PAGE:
# T-test.

## Presentation on theme: "T-test."— Presentation transcript:

T-test

t A unitless number with a known distribution, if the assumptions about the errors are true. The Y values are random variables. You calculate the least squares slope from the Y values. Therefore, the slope estimate is a random variable.

t The slope has a mean and a variance.
We can calculate those, based on the assumptions about the errors. The mean of the slope is the true slope. That’s what “unbiased” implies.

t The slope has a mean and a variance.
We can calculate those, based on the assumptions about the errors. The mean of the slope is the true slope. That’s what “unbiased” implies.

Standard error of beta-hat

T-test This has the t-distribution with N-2 degrees of freedom. (The beta should be beta-0, your hypothesized value.)

t For testing the hypothesis that the true beta is 0:
N-2 degrees of freedom.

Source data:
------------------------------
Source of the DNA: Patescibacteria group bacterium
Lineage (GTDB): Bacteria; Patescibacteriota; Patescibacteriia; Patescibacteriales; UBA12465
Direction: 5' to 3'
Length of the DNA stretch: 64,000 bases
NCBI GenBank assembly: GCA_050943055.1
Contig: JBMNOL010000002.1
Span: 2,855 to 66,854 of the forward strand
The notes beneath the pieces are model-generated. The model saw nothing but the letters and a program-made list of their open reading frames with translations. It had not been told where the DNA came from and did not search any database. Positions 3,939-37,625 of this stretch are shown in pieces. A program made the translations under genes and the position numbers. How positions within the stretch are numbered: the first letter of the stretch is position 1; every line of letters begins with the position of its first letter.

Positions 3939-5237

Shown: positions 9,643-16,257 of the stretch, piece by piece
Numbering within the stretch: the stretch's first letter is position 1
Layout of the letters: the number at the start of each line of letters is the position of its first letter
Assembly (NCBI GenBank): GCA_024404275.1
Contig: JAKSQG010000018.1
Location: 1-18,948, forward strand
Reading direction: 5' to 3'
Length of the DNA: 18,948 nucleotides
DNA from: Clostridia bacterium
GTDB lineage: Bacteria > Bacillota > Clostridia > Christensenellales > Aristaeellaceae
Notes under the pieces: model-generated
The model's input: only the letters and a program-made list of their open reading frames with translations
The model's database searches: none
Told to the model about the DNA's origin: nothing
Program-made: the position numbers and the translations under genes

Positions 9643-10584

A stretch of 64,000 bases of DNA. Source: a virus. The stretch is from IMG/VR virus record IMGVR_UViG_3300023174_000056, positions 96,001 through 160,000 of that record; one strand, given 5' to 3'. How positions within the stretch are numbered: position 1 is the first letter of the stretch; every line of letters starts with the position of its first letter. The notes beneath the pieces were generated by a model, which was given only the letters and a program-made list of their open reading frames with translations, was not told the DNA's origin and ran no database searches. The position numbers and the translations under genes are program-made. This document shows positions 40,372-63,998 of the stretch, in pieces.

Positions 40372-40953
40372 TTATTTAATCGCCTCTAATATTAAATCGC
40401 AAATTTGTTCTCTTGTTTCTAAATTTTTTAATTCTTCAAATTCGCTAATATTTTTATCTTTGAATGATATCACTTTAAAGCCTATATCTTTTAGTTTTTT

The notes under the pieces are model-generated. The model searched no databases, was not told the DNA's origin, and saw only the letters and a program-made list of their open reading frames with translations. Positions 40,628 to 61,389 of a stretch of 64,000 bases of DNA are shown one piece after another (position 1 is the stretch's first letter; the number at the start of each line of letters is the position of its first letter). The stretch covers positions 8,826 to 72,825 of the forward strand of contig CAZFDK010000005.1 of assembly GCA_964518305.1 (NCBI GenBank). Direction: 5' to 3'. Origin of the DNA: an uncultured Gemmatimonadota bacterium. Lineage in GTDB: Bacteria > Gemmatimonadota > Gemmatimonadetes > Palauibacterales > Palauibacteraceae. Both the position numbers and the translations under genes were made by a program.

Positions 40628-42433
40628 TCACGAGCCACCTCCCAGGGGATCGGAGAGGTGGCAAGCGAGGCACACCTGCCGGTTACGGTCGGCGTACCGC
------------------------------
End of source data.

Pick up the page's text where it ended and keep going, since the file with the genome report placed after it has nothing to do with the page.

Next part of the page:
Types of errors Type I error: Type II error:
Rejecting a hypothesis that is true Type II error: Refusing to reject a hypothesis that is false. The significance level is the probability of a Type I error.

T table

Next time: Graphs How to tell if the assumptions are plausible.
NOT by standard regression results.

Confidence interval for a coefficient
Coefficient ± its standard error × t from table One calculation (two, really) lets you test many hypothesized values for the true parameter. If 0 is in the confidence interval, your coefficient is not significantly different from 0.

Confidence interval for a coefficient
Coefficient ± its standard error × t from table 95% probability that the true coefficient is in the 95% confidence interval? If you do a lot of studies, you can expect that, for 95% of them, the true coefficient will be in the 95% confidence interval.

Confidence interval for prediction
Hyperbolic outline